Sostener la insostenible zona del euro

ATENAS – Cuando se estableció la zona del euro, sus creadores previeron un progreso gradual hacia «un área monetaria óptima», caracterizada por la integración fiscal, la libre circulación de los trabajadores y la unión política. Pero este proceso no ha tenido lugar y –como lo demuestra la interminable crisis griega– la zona del euro continúa plagada de debilidades estructurales y es extremadamente vulnerable a los shocks internos. Esto claramente no es sostenible.

A pesar de los esfuerzos por promover la coordinación de las políticas fiscales, los presupuestos de los miembros de la eurozona aún se encuentran en el ámbito de autoridades nacionales separadas y los europeos del norte continúan oponiéndose a las transferencias desde los países más prósperos hacia aquellos en peor situación, más allá de la limitada asignación de los fondos regionales de la Unión Europea. Además, la movilidad de los trabajadores se ve gravemente limitada por las barreras lingüísticas y culturales, además de por los cuellos de botella administrativos. Una unión política «cada vez más estrecha» dejó de atraer el apoyo del público –si es que alguna vez lo hizo– y no resulta entonces viable hoy día.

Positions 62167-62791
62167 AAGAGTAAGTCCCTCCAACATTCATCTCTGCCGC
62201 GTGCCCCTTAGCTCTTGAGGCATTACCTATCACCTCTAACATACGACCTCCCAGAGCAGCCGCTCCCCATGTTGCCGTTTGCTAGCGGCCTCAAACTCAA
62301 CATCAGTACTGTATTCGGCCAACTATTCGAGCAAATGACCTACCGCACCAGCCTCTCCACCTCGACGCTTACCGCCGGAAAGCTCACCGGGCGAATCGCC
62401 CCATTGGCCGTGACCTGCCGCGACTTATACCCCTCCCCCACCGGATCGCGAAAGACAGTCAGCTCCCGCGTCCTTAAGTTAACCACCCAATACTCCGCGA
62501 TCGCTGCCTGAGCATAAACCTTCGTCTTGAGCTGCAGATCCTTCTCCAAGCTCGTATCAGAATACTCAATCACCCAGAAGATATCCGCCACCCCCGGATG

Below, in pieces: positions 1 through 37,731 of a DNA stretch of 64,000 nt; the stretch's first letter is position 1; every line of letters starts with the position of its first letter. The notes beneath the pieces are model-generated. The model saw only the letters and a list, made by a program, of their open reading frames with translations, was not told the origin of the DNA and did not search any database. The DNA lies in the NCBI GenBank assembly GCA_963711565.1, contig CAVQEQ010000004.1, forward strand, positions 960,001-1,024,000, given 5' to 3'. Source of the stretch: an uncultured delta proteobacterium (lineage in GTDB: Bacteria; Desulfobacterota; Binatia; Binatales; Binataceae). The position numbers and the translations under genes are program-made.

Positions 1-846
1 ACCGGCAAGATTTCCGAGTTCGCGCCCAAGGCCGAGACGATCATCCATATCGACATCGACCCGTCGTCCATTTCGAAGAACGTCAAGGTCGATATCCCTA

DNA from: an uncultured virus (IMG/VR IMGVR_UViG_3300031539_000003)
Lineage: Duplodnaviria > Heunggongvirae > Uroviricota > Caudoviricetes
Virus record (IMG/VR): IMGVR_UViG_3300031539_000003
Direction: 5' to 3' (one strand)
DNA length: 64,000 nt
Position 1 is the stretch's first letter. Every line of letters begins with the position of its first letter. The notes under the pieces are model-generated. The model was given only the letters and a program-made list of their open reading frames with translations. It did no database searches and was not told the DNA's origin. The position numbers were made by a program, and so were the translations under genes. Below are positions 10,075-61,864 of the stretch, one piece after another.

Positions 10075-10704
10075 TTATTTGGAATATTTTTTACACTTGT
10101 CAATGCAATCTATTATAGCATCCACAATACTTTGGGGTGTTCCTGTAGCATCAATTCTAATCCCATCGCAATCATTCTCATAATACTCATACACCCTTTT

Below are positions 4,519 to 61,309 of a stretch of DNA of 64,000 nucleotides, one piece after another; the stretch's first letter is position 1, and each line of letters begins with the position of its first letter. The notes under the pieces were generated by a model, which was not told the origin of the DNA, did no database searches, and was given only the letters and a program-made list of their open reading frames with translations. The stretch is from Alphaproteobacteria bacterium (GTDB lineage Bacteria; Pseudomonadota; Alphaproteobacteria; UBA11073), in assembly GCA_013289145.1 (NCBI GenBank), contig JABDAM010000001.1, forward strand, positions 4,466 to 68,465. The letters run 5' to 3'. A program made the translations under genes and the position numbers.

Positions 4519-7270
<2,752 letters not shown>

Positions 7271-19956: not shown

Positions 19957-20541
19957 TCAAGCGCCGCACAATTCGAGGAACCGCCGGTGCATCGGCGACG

Una creciente cantidad de comentaristas –no solo en el mundo anglosajón–cuestionan la viabilidad de la unión monetaria. Algunos alientan la salida de Grecia de la zona del euro, convencidos de que una unión monetaria más restringida y homogénea sería más sólida y fácil de unir. Otros consideran que una salida de Grecia sería tan solo el principio del inevitable desmoronamiento de un esquema que no sirve al propósito para cual fue creado.

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